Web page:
SAN FRANCISCO — James Damore, the Google engineer fired after he penned a memo suggesting women were less biologically capable of software engineering, has filed a lawsuit charging the company discriminates against white, conservative men.
The suit also includes David Gudeman, a former Google engineer who left the company in 2016. They hope to create a class action suit against the company.
The suit charges that Google’s management “goes to extreme—and illegal—lengths to encourage hiring managers to take protected categories such as race and/or gender into consideration as determinative hiring factors, to the detriment of Caucasian and male employees and potential employees.”
Damore sparked an uproar on an internal company discussion board in August when he posted a 10-page memo, "Google Ideological Echo Chamber" criticizing Google’s diversity efforts.
The “manifesto,” as many have called it, listed multiple reasons why the author believed Google’s efforts to increase the number of women in technical fields was unworkable, including his claims that women are more interested in people than ideas.
Damore's memo and subsequent firing made him the hero of a resurgent conservative movement, whose dispersed, Internet-savvy leaders accuse big tech companies of quashing viewpoints at odds with Silicon Valley's generally liberal bent. The viral nature of Damore's memo, and his swift ascendance into the national spotlight after his firing, gave attention to complaints by some tech workers that the industry's recent efforts to hire more women, African-Americans and Latinos is a form of discrimination against white men.
According to its most recent workforce numbers, released this summer, 69% of Google employees are male and 59% are white. Google has said it wants to change that make-up. Google has said that it can do its best work, and create products that are most useful and profitable to the world, by creating a workforce that looks like the world around it.
To aid that, the company has launched multiple programs to create a more welcoming workplace for women and minorities, to mentor them and to encourage more to apply. That includes an effort to help staff overcome unconscious bias.
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The case was filed Monday in in Santa Clara Superior Court in Northern California. Damore and Gudeman are represented by Harmeet Dhillon, the Republican National Committee’s committeewoman for California.
Last year her law firm filed a First Amendment lawsuit against the University of California at Berkeley for violating the free speech rights of the Young America's Foundation and Berkeley College Republicans, when the school cancelled a talk by controversial conservative speaker Ann Coulter over security concerns.
In a news conference at Dhillon’s law firm in San Francisco on Monday, Damore said that employees at Google were “brainwashed.”
“I really think it’s hurting a lot of employees and it's hurting Google itself by harassing and making people feel alienated so they’re not really reaching their full potential,” he said.
Dhillon said the goal of the suit in part was to get tech companies to wake up and realize their behavior is discriminatory.
“This is not about money, this is about changing the behavior and the attitudes in Silicon Valley," she said.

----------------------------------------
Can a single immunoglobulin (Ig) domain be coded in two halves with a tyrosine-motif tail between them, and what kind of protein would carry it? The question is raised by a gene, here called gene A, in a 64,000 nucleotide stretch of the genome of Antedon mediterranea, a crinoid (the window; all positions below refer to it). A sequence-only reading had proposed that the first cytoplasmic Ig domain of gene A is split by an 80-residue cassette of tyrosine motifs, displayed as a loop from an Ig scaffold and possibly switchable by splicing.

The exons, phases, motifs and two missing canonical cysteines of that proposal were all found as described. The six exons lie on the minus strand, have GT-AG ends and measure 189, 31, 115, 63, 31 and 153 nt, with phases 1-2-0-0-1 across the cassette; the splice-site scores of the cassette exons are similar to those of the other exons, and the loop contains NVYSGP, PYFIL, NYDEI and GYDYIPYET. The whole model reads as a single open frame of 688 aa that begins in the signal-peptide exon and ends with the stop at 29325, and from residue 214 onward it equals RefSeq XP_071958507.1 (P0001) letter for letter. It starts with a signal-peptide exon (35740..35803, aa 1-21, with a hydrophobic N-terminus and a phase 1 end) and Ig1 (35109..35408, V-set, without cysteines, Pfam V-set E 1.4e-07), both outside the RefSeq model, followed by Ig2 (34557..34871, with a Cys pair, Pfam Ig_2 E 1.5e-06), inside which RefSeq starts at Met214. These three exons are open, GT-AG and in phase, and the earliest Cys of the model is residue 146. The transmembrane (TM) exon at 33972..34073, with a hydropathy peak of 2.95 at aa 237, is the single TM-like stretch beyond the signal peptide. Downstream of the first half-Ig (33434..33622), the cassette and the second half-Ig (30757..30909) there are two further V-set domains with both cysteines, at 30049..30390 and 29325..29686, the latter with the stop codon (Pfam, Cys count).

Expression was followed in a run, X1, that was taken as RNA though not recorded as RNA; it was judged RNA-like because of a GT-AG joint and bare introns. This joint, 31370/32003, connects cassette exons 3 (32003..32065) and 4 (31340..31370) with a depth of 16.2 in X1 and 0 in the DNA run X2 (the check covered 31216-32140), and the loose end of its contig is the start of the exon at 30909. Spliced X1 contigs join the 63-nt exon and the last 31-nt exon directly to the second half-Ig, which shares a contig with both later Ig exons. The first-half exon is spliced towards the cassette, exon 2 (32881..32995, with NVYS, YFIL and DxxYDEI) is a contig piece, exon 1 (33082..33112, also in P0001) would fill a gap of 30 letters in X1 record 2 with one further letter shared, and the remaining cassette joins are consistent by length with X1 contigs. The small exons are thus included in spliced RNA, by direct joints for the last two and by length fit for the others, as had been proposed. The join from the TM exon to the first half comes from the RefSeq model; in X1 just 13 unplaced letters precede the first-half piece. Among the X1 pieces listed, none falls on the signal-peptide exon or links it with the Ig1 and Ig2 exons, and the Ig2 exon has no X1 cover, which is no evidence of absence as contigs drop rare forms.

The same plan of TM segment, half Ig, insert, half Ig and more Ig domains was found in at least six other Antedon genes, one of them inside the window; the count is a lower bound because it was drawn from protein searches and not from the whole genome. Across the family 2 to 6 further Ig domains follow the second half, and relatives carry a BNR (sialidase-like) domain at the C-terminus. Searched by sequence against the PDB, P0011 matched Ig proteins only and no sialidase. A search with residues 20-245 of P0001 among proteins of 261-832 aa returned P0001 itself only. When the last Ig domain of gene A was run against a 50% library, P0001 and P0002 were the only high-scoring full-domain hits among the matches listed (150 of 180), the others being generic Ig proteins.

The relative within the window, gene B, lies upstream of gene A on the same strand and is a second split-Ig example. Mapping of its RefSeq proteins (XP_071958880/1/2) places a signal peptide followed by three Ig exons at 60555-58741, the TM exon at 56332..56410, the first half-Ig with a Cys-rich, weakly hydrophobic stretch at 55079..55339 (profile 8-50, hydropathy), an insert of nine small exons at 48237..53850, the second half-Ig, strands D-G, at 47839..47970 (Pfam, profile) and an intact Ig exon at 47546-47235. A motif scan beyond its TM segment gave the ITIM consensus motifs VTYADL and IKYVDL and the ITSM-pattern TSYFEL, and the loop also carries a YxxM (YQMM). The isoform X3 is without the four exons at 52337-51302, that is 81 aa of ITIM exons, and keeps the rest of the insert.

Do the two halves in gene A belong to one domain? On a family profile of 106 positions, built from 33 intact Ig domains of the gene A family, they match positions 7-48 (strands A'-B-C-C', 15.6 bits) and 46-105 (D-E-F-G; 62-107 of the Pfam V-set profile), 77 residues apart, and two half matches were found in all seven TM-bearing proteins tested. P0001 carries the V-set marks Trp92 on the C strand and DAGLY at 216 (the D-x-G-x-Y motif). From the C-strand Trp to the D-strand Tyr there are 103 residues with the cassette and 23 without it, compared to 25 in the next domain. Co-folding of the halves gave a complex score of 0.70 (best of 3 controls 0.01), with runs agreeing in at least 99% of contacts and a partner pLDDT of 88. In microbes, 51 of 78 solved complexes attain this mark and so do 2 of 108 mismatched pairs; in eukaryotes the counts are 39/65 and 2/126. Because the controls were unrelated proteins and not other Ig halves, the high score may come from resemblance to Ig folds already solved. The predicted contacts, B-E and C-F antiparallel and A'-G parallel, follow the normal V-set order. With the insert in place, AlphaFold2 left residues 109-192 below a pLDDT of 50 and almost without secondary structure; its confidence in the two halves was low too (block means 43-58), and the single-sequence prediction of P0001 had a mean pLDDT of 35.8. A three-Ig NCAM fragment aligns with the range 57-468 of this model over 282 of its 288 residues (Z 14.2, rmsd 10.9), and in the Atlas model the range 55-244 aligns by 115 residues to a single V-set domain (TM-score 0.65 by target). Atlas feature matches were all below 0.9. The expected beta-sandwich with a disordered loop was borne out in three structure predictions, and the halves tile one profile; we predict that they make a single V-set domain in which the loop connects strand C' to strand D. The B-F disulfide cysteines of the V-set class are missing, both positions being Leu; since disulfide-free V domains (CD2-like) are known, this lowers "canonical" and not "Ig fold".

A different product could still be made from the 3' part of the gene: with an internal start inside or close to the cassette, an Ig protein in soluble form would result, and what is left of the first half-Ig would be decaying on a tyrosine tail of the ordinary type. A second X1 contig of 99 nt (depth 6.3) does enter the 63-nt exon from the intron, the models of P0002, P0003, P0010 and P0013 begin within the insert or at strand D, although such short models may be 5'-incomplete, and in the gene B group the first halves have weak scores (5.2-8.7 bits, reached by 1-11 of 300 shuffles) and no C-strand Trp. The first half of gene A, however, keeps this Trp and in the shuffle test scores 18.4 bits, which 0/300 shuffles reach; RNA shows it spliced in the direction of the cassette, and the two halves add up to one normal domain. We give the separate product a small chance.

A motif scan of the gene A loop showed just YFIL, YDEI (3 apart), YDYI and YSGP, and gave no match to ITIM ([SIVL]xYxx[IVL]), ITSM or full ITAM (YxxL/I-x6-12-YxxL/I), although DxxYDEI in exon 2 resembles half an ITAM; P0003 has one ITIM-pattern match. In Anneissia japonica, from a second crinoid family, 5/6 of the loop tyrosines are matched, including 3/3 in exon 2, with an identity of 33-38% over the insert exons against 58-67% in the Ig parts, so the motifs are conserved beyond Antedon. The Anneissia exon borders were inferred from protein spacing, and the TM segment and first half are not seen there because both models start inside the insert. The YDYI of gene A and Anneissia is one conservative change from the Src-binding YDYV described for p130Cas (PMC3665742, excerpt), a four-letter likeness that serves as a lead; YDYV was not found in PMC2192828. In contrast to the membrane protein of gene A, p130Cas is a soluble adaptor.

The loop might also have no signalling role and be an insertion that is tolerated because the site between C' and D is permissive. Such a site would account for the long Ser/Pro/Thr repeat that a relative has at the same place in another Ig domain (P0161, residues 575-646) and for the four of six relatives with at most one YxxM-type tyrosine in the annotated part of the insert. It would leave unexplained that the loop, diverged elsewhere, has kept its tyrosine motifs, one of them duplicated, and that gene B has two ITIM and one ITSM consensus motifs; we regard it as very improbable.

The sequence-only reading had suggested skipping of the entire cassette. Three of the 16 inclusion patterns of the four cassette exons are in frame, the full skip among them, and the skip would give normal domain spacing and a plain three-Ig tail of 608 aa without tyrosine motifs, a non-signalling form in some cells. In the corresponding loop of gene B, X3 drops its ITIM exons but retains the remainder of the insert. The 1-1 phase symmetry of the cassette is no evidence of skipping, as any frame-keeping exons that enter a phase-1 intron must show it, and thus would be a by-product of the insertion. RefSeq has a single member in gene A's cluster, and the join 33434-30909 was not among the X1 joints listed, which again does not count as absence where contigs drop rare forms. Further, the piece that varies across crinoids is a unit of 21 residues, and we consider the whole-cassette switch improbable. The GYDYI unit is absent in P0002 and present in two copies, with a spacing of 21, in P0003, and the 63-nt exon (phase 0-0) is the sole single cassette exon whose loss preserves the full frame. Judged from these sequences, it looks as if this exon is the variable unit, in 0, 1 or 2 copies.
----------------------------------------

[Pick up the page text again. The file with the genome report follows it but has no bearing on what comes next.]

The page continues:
“In the gender category, it is only men who are being discriminated against,” Dhillon said. Currently in tech companies "it’s okay to disparage, smear, belittle or discriminate against conservatives and white men. That’s not acceptable.”
In a statement, Google said it looked forward to defending against Damore's lawsuit in court.
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The suit will be a difficult one to win, said one labor and employment attorney.
First, while employees have the right to engage in politice activities and speech outside of work, Damore used Google’s internal online bulletin boards and email lists to disseminate his views.
Employees don’t have the right to political speech within the workplace or the right to disrupt work to make their points.
“His post was very disruptive to Google, the CEO even had to fly back from abroad to deal with the fall out from it,” said Jim Evans, a partner in the labor and employment practice at the law firm of Alston & Bird in Los Angeles.
"Google terminated him for violating its lawful workplace policies," said Evans. "That’s about all Google has to show."
It’s also difficult to make the argument that Google discriminates against white men, given the gender and racial breakdown of its workforce.
Dhillon aim is to get the suit certified as a class action lawsuit. However employment, law experts said that could be difficult because it would require proving a reverse discrimination claim.
That in turn would require looking at each plaintiff and showing discrimination against them because they were white, male or conservative.
The company could have “very legitimate, non-discriminatory reasons for which white men might not be hired,” said Jason Geller, a managing partner at the law firm of Fisher Philips, where he represents management in labor and employment cases.
“She would have to look at all the hiring decisions and find clear evidence that the company was illegally hiring underqualified women over hiring men,” he said.
In August Damore also filed a National Labor Relations Board complaint against the company over his firing.
Google is separately being sued by female staffers who say they are being systematically underpaid.
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